The modeling work was completed in a staged approach (refer Figure 1), in conjunction with the standard steps of engineering design. The results of the FEED phase of engineering was confirmed with the terminal model at an early stage and the terminals true potential identified. While Detailed Engineering Design was underway, the higher-level network model was developed to help understand the complexity of linking potential customers with the terminal via the available rail networks, and used by the customers business development team to aid their sales efforts for securing additional contracts for the new terminal.
Figure 1 - Staged project approach
The models were utilized through startup and commissioning, and then were re-tuned with actual operating performance statistics derived from the control system historian and operation’s ongoing KPI data gathering. Once the models were matching current performance, it was handed over to the operations group at the terminal for ongoing use in training staff and optimizing operations.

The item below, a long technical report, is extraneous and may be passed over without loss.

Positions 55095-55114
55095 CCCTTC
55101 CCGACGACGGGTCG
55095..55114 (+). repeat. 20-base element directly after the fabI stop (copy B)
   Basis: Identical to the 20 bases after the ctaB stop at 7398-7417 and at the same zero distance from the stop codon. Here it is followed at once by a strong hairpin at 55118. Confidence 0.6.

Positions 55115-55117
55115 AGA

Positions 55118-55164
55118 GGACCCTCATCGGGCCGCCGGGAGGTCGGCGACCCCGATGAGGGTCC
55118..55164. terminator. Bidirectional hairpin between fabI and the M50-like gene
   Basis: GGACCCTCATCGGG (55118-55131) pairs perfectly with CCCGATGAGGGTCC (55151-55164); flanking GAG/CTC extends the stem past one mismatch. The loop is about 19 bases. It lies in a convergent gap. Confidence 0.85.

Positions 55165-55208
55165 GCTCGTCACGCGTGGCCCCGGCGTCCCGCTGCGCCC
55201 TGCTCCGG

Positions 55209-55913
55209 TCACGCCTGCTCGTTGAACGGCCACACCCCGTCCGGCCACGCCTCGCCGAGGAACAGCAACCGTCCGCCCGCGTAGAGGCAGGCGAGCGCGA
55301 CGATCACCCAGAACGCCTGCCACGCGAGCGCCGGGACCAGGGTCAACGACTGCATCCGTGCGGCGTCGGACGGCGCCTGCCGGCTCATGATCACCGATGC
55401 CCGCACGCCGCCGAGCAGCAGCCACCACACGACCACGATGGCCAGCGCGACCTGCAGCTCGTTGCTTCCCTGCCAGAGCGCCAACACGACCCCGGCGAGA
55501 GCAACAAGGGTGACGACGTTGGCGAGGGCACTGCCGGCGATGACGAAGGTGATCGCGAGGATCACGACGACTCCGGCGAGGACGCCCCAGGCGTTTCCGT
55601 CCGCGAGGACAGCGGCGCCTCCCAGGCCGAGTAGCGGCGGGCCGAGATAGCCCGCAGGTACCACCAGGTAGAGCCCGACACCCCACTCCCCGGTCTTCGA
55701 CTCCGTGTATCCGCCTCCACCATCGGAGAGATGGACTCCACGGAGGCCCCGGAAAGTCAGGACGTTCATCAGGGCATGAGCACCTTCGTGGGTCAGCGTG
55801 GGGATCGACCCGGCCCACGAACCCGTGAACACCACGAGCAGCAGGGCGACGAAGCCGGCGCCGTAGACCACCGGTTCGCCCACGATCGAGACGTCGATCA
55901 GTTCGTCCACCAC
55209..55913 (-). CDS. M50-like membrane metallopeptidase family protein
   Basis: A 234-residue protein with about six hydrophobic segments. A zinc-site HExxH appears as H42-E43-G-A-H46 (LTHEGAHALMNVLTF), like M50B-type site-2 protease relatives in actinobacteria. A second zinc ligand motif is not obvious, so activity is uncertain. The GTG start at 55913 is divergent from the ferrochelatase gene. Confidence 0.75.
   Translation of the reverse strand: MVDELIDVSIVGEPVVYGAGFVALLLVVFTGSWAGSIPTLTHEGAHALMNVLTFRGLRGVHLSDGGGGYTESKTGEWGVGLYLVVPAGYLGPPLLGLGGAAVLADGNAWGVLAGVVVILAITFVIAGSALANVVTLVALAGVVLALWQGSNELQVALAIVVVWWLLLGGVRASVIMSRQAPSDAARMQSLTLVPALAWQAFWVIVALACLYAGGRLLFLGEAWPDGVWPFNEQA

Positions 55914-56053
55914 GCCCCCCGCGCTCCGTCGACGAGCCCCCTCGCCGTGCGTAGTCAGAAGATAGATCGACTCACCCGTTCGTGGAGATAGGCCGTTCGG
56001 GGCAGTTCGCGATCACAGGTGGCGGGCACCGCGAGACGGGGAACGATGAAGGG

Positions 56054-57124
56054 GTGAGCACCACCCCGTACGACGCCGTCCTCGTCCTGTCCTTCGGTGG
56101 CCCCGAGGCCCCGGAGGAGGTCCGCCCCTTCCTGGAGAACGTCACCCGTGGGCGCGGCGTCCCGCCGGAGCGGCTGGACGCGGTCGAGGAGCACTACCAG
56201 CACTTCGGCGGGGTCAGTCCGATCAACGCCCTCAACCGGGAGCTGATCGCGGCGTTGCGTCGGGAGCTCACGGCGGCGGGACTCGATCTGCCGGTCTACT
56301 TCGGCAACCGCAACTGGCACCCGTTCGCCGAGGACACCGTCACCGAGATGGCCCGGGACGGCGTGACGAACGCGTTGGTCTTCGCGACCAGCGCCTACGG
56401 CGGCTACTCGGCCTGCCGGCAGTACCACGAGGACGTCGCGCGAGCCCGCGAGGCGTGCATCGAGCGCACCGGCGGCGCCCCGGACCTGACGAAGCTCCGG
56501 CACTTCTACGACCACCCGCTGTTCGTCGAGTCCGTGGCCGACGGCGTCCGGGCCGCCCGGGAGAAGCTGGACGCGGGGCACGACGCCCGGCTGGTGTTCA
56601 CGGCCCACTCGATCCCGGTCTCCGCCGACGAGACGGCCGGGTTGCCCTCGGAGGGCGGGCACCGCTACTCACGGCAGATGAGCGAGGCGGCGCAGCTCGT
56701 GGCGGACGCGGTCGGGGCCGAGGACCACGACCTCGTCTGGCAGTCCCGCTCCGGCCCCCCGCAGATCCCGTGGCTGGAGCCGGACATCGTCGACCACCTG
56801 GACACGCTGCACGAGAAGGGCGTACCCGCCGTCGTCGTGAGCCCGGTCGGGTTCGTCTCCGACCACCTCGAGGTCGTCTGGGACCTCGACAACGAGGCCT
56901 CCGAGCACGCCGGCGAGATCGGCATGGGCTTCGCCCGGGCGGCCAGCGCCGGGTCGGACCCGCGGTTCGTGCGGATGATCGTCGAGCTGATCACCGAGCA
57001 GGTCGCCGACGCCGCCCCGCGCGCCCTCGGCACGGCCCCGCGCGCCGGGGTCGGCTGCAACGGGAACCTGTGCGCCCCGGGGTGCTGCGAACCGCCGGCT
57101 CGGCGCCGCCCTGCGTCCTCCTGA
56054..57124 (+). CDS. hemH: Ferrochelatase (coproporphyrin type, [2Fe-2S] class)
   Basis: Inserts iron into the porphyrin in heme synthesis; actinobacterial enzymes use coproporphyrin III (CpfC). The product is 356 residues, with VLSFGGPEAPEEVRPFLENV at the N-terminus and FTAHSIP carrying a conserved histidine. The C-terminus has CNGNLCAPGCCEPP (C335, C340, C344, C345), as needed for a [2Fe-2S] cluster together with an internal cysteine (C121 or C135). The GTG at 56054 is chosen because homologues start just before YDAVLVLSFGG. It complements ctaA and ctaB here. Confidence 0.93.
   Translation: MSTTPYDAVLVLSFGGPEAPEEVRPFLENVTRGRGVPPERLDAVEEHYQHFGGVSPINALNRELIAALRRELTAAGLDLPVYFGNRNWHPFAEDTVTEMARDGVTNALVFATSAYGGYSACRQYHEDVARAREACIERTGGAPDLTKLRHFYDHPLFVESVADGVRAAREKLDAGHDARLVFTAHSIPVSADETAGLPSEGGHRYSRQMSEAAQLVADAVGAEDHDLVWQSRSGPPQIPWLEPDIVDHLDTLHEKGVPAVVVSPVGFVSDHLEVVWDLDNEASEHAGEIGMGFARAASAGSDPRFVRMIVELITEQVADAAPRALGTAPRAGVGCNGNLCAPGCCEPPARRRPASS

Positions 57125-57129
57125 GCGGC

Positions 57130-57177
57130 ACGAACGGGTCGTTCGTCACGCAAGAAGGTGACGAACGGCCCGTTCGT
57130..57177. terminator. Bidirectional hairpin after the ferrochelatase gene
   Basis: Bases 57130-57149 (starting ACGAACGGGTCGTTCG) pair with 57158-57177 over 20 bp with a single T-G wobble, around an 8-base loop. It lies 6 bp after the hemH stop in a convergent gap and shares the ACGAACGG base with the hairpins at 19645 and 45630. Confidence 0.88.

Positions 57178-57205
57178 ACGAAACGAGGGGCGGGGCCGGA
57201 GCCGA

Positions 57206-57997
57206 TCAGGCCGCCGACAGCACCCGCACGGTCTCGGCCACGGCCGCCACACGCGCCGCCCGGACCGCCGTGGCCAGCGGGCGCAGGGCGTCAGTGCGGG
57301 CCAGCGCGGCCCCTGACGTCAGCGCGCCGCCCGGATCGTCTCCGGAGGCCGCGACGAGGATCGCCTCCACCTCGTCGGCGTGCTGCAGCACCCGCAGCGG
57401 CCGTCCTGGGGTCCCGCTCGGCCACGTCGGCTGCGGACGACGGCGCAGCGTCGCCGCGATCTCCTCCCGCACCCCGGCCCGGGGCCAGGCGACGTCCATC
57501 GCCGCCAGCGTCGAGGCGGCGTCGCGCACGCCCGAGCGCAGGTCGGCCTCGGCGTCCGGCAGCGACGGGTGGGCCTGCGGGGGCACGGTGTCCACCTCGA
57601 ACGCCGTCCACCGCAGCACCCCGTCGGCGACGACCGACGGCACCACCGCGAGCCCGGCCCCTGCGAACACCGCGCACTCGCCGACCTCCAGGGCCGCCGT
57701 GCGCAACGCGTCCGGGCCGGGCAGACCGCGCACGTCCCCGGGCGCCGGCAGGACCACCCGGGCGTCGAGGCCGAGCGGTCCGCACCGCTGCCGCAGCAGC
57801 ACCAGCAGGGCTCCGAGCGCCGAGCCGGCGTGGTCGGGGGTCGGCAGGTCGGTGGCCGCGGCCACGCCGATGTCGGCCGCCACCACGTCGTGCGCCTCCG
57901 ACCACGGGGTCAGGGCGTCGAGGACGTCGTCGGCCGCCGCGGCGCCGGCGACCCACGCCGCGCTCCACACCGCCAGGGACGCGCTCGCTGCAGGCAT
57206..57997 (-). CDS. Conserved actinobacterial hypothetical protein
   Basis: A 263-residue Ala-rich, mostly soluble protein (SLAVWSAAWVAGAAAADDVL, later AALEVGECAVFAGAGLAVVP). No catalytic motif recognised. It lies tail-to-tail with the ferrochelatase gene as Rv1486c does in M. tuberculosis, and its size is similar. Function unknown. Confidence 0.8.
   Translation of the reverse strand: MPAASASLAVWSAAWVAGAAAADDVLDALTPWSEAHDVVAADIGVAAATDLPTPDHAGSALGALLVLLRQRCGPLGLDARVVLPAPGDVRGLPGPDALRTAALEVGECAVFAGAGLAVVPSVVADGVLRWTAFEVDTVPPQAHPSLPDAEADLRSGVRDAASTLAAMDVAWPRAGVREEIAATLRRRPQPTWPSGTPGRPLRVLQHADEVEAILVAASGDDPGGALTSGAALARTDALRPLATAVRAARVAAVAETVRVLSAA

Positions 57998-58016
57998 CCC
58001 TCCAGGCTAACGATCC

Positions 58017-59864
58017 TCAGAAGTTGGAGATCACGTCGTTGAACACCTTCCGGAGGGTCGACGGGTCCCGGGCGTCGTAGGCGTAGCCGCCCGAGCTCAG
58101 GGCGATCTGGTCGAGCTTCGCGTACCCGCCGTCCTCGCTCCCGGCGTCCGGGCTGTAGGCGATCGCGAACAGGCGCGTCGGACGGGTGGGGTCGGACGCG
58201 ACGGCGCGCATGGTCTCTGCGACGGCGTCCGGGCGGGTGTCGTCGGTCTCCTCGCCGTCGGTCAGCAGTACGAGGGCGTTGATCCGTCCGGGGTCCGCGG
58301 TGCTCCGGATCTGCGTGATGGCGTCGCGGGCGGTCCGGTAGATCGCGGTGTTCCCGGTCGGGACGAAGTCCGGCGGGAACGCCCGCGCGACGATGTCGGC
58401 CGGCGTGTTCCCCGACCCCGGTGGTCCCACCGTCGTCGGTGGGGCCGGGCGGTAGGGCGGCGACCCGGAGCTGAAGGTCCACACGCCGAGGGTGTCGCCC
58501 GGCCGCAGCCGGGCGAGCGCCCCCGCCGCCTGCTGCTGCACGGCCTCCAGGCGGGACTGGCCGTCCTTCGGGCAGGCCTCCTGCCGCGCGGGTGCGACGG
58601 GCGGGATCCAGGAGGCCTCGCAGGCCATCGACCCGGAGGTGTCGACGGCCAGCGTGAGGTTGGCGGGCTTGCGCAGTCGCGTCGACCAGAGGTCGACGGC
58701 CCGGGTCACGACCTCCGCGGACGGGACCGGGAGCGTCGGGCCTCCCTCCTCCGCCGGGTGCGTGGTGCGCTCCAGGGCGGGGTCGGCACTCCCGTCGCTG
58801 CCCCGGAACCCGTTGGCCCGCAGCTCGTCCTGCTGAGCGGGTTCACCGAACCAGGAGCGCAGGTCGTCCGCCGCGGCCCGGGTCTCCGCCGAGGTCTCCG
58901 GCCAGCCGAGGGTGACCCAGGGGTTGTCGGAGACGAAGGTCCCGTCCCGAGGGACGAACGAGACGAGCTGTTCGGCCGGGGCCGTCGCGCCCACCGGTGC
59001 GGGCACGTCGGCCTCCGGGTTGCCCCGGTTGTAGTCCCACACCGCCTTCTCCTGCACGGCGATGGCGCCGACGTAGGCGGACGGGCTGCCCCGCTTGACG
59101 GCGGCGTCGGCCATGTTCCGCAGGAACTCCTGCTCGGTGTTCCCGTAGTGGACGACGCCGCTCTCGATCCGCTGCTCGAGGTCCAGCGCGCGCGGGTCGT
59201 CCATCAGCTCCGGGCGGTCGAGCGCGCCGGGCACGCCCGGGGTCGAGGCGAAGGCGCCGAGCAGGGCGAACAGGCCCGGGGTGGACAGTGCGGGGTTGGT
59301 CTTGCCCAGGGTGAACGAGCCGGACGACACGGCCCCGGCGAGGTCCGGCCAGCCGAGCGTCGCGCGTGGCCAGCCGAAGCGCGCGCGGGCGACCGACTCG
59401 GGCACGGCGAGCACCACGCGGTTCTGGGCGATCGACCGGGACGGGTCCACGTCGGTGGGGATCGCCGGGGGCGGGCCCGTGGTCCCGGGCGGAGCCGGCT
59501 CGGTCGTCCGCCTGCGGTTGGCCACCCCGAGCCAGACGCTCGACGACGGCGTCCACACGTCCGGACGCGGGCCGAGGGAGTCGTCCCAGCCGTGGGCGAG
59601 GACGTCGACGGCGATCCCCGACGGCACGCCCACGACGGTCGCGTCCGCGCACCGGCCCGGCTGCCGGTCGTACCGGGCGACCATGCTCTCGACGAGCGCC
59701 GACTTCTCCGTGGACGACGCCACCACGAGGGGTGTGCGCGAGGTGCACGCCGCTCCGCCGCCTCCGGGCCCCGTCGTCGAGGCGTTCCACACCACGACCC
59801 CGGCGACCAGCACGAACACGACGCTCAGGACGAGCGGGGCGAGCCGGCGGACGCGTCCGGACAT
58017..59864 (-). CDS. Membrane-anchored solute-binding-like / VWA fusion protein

Terminal and Network Models
The terminal model required detailed representation of various system components, including rail movements into, within, and out of the terminal, and product flow through pipelines, large floating roof crude tanks, loading pumps, headers, and individual loading arms. A discrete event simulation (DES) model was developed, with major fluid flow aspects and accommodation for pressure drop in the loading rack.
The network model represented a much higher level of abstraction of the North American rail system though, including terminal locations, siding capacity and locations, single and double track configurations, bottlenecks and queuing times, as well as rail loading and unloading times for the unit train design. The model integrates with private and public information sources of the rail systems including traffic and existing infrastructure across multiple rail companies. DES model was developed, providing both visualization of the unit train movements along the large rail network as well as detailed statistics of the system.